Much-loved festive staple spreads Christmas joy flawlessly 

Kaylah Joelle Baker

The official opening night of award-winning A Christmas Carol kicked off on Friday, November 18 at the Comedy Theatre, leaving audience members positively buzzing and filled with Christmas cheer. 

A classic staple over the festive season, the production first premiered at London’s The Old Vic in 2017, before then appearing on Broadway and winning an impressive five Tony Awards. 

Based on the Charles Dickens’ timeless 1843 novella, the Australian production of A Christmas Carol, directed by Matthew Warchus (Matilda the Musical) and written by playwright Jack Thorne (Harry Potter and the Cursed Child), remained loyal to the themes of hope and redemption while making it its own.  

Brought to life by a strong cast of performers, including a flawless and dedicated performance from David Wenham as the selfishly bitter and greedy main character of Ebenezer Scrooge, A Christmas Carol is one that seamlessly transports the audience from viewers to participants. 


“The story follows the character of Ebenezer Scrooge, and I would say it is about the paths we choose and the choices we make, and this particular character made choices that have isolated him from everybody who loves him or wants to love him,” Sarah Morrison, who plays Scrooge’s love interest Belle, told CBD News. 


“He then finds himself at a crossroad and is offered a choice to redeem himself when three ghosts visit him on Christmas Eve; the ghosts of Christmases past, present, and future.”

The performance opened with pre-show festivities and musical performances that lightened the mood, before Scrooge then entered the stage determined to diminish any enthusiasm and cheer that remained. 

As the play unravelled and pivotal moments of Scrooge’s life were acted out on stage, willed on by the ghosts of Christmases past, present and future, a multitude of emotions followed.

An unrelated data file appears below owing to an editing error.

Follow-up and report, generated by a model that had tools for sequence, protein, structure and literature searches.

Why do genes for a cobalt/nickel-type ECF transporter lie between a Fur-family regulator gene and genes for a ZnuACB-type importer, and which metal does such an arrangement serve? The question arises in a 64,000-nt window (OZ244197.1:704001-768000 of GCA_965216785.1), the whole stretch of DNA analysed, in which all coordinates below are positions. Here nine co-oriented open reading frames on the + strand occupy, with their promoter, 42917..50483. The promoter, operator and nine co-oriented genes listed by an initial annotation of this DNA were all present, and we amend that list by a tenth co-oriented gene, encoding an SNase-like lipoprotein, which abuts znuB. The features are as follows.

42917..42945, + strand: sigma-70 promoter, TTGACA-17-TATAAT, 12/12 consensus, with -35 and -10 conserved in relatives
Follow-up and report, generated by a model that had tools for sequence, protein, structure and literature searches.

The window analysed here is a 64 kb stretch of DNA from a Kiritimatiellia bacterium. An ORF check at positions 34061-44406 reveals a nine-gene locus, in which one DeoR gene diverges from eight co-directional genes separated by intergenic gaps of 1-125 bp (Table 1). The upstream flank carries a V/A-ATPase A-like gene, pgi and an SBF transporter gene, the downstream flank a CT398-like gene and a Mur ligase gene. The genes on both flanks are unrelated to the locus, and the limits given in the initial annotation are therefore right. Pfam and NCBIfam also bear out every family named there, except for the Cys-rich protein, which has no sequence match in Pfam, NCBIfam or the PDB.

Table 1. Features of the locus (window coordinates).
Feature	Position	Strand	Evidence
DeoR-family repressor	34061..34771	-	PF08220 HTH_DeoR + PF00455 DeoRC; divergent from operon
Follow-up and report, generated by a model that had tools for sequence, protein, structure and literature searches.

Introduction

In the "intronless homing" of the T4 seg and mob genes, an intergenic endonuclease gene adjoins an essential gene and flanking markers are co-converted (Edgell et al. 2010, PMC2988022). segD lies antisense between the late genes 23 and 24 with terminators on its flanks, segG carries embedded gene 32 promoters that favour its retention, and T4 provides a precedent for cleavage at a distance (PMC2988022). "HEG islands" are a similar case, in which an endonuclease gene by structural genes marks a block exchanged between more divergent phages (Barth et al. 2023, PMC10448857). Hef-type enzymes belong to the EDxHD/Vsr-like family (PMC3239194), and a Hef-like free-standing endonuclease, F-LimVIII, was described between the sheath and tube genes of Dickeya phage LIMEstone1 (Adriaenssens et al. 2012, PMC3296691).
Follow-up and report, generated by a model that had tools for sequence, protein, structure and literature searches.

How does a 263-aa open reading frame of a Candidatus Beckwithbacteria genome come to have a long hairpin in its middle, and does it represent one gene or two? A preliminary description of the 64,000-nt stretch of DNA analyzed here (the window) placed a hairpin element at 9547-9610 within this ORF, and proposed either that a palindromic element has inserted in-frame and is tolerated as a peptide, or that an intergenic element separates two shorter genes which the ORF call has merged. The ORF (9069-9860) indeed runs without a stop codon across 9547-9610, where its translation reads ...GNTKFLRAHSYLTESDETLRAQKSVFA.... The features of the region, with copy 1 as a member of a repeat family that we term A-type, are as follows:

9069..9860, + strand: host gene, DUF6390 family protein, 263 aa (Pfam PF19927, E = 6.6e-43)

“Most people know the story of A Christmas Carol, but the way it is staged and reimagined is really interactive and exciting, and I think we have all been surprised by how moving it actually is, especially at this time of year which can be [both] a happy and sad time for many people,” Ms Morrison said. 

“That’s why I would encourage people to come along, because if you think you know what you are going to get, I would hedge my bet that you will be surprised.”

While the production was filled with moments that were heartbreaking and painful to watch, Mr Wenham’s comedic timing could just as quickly lighten the mood with his character’s carefully crafted quick witted one-liners. 


The shift into different scenes and dramatic pivotal moments were also enhanced by magical elements that were highly imaginative, transformative, and eerie when it needed to be. 


Audience participation in one particular scene even saw the audience having to pass along props from the back of the theatre to the front, while watching as potatoes, limes and apples travelled down a material sheet from the balcony to the stage.

Entertaining to the very end, it was a profound example of a heartwarming production that could make chaos its friend and leave you cheerfully humming Christmas carols long into the night. •

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